Data protection laws have never been so stringent and this was evident today as it came to light that 11 UK charities had been fined the UK’s data watchdog – the ICO – for misusing information about millions of past donors to seek further funds for future projects.
Those fined include Oxfam, Cancer Research UK, The Royal British Legion and Battersea Dogs’ and Cats’ Home, Macmillan Cancer Support and NSPCC for serious breaches of data protection laws.
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The ICO published the names of the charities and the amounts each have been fined in a statement on its website.
The International Fund for Animal Welfare – £18,000
Cancer Support UK – £16,000
Cancer Research UK – £16,000
The Guide Dogs for the Blind Association – £15,000
Macmillan Cancer Support – £14,000
The Royal British Legion – £12,000
The National Society for the Prevention of Cruelty to Children – £12,000
Great Ormond Street Hospital Children’s Charity – £11,000
WWF-UK – £9,000
Battersea Dogs’ and Cats’ Home – £9,000
Oxfam – £6,000
Collectively the 11 charities have been fined £138,000. The ICO decided to keep the individual fines between £6,000 and £18,000, because donors – the ones who were exploited – would be unhappy at more severe financial punishments.
The ICO said that some of the charities had been fined because they had “screened millions of donors so they could target them for additional funds,” while others had “traced and targeted new or lapsed donors by piecing together personal information obtained from other sources. And some traded personal details with other charities creating a large pool of donor data for sale.”
Indeed, the ICO said that some of the charities had hired companies to profile the wealth of their donors, which was done by investigating their incomes, lifestyles, property values and friendship circles among other means.
“Supporters of animal charities could have their information shared with homeless, humanitarian or religious charities even though the supporters only expected their information to be shared with other animal charities,” the Information Commissioner’s Office said.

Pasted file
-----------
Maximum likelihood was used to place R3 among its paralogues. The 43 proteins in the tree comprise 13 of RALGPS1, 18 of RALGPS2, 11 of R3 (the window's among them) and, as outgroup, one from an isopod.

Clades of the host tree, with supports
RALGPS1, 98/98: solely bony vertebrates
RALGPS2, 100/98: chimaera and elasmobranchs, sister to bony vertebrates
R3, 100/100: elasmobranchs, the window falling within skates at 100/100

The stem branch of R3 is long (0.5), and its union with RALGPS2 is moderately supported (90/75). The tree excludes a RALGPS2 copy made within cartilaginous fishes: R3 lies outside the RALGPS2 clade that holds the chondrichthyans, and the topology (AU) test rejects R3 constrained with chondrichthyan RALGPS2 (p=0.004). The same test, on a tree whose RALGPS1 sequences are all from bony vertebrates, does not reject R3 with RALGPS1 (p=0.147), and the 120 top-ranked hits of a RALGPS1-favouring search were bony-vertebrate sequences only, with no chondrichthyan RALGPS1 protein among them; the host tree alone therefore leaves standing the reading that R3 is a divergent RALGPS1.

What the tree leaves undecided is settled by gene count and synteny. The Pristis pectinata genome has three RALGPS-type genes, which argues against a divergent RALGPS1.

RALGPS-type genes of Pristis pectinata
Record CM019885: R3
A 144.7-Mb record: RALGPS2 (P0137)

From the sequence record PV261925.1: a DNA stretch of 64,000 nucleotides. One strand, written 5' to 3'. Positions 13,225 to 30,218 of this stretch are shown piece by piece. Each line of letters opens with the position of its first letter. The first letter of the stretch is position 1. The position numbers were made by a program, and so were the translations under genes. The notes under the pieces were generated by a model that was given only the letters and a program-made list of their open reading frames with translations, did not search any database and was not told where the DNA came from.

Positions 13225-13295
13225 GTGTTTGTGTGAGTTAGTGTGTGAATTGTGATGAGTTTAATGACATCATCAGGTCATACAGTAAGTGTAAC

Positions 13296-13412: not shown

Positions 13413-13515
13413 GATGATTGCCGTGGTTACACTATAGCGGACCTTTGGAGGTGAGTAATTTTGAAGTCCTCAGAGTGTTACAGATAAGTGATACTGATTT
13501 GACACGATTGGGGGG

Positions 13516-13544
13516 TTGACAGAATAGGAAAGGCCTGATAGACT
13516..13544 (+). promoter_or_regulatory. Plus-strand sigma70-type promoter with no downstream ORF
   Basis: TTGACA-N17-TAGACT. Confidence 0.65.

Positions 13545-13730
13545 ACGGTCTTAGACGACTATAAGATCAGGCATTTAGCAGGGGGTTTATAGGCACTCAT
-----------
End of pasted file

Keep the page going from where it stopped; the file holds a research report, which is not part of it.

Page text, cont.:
“Some charities don’t know if the information has been shared one or 100 times. This can result in lots of unwanted charity marketing.”
Similar fines were issued by the ICO to the RSPCA and the BHF for breaches of the Data Protection Act in December 2016. These two charities were fined £25,000 and £18,000 respectively. The fines issued to both of these were also “significantly reduced” at Denham’s discretion to mitigate any risk of “adding to any distress caused to donors by the charities’ actions”.
“[People] will be upset to learn the way their personal information has been analysed and shared by charities they trusted with their details and their donations,” said Information Commissioner Elizabeth Denham.
“Millions of people will have been affected by these charities’ contravention of the law. They will be upset to learn the way their personal information has been analysed and shared by charities they trusted with their details and their donations,” said Denham.
“The generous British public expect charities to safeguard their data and raise funds responsibly, and in return they donate in their millions,” said the Charity Commission for England and Wales – another regulator’s chief operating officer David Holdsworth.
“Sadly in these cases charities have not kept their side of the bargain. We are working with the charities concerned, the Information Commissioner and the Fundraising Regulator to ensure that any necessary remedial action is taken.”
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